from 1.1% to 1.7% in Albania and from 4.1% to a 4.4% in North Macedonia.

[3] Tim Judah. Bye-bye, Balkans: A region in critical demographic decline (October 14, 2019). https://balkaninsight.com/2019/10/14/bye-bye-balkans-a-region-in-critical-demographic-decline/. Online; Accessed 28-September-2020.

[4] The World Bank. World Bank indicators. https://data.worldbank.org/ indicator/ (2020).

[5] The World Bank. World Bank indicators. https://data.worldbank.org/ indicator/ (2020).

[6] A. A. Bevan and S. Estrin. The determinants of foreign direct investment into european transition economies. Journal of comparative economics (2004)32 (4), 775–787.

[7] J. H. Dunning. Location and the multinational enterprise:  a neglected factor?  Journal of international business studies (1998)29 (1), 45–66.

[8] W. Hejazi and P. Pauly. Motivations for FDI and domestic capital formation.  Journal   of International Business Studies (2003) 34 (3), 282–289.

[9] P. Sanfey, J. Milatovic, and A. Kresic How the Western Balkans can catch up. (2016).

[10] UNESCO, Education database.

[11] V. Levy. Aid and growth in sub-saharan Africa: The recent experience. European Economic Review (1988) 32 (9), 1777–1795.

[12] G. Mallik. Foreign aid and economic growth: A co-integration analysis of the six poorest African countries. Economic Analysis & Policy (2008). 38 (2).

[13] The World Bank. World Bank indicators. https://data.worldbank.org/ indicator/ (2020).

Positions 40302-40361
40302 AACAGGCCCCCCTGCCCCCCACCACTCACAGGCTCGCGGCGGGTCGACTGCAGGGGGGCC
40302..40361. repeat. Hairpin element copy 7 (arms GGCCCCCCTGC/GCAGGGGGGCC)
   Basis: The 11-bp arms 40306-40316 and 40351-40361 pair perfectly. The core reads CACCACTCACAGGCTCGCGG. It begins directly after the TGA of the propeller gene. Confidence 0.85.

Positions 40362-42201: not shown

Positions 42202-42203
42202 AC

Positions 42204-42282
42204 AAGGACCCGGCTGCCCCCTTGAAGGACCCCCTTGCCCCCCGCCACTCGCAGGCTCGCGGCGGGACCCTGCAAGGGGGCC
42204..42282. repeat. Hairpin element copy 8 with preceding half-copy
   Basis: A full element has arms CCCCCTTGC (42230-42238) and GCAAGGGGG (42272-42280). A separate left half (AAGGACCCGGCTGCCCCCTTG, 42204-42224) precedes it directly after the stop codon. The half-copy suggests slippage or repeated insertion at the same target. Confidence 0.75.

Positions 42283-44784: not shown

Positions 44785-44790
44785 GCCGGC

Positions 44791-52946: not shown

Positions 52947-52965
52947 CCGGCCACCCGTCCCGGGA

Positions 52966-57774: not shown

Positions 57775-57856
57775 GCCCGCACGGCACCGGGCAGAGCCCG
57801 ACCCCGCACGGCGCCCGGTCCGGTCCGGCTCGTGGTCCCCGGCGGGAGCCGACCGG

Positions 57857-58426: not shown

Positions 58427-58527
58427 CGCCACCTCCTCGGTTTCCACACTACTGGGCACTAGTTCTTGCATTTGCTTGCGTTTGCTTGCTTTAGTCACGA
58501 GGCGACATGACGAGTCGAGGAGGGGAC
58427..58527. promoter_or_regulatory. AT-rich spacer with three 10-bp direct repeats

[14] A. M. Rugman. New theories of the multinational enterprise. New York: St. Martins Press. Rugman New Theories of the Multinational Enterprise. 1982.

[15] J. H. Dunning and S. M. Lundan. Multinational enterprises and the global economy. Edward Elgar Publishing 2008.

[16] R. Grosse and L. J. Trevino. New institutional economics and FDI location in Central and Eastern Europe. MIR: Management International Review, (2005) 123–145.

[17] Mohsin Habib and Leon Zurawicki. Corruption and foreign direct investment. Journal of international business studies (2002)  33 (2), 291–307.

[18] Mohsin Habib and Leon Zurawicki. Corruption and foreign direct investment. Journal of international business studies (2002)  33 (2), 291–307.

[19] W. H. Davidson. The location of foreign direct investment activity: Country characteristics and experience effects. Journal of international business studies (1980)11 (2), 9–22.

[20] https://www.doingbusiness.org/content/dam/doingBusiness/media/Profiles/ Regional/DB2020/ECA.pdf

[21] Saul Estrin and Milica Uvalic. “FDI into transition economies: are the Balkans different?” Economics of transition (2014) 22 (2), 281–312.

[22] Albana Shehaj. “The perils of succor: The financial role of the European Union in the Western Balkans during Covid-19.” European Policy Analysis, 2020.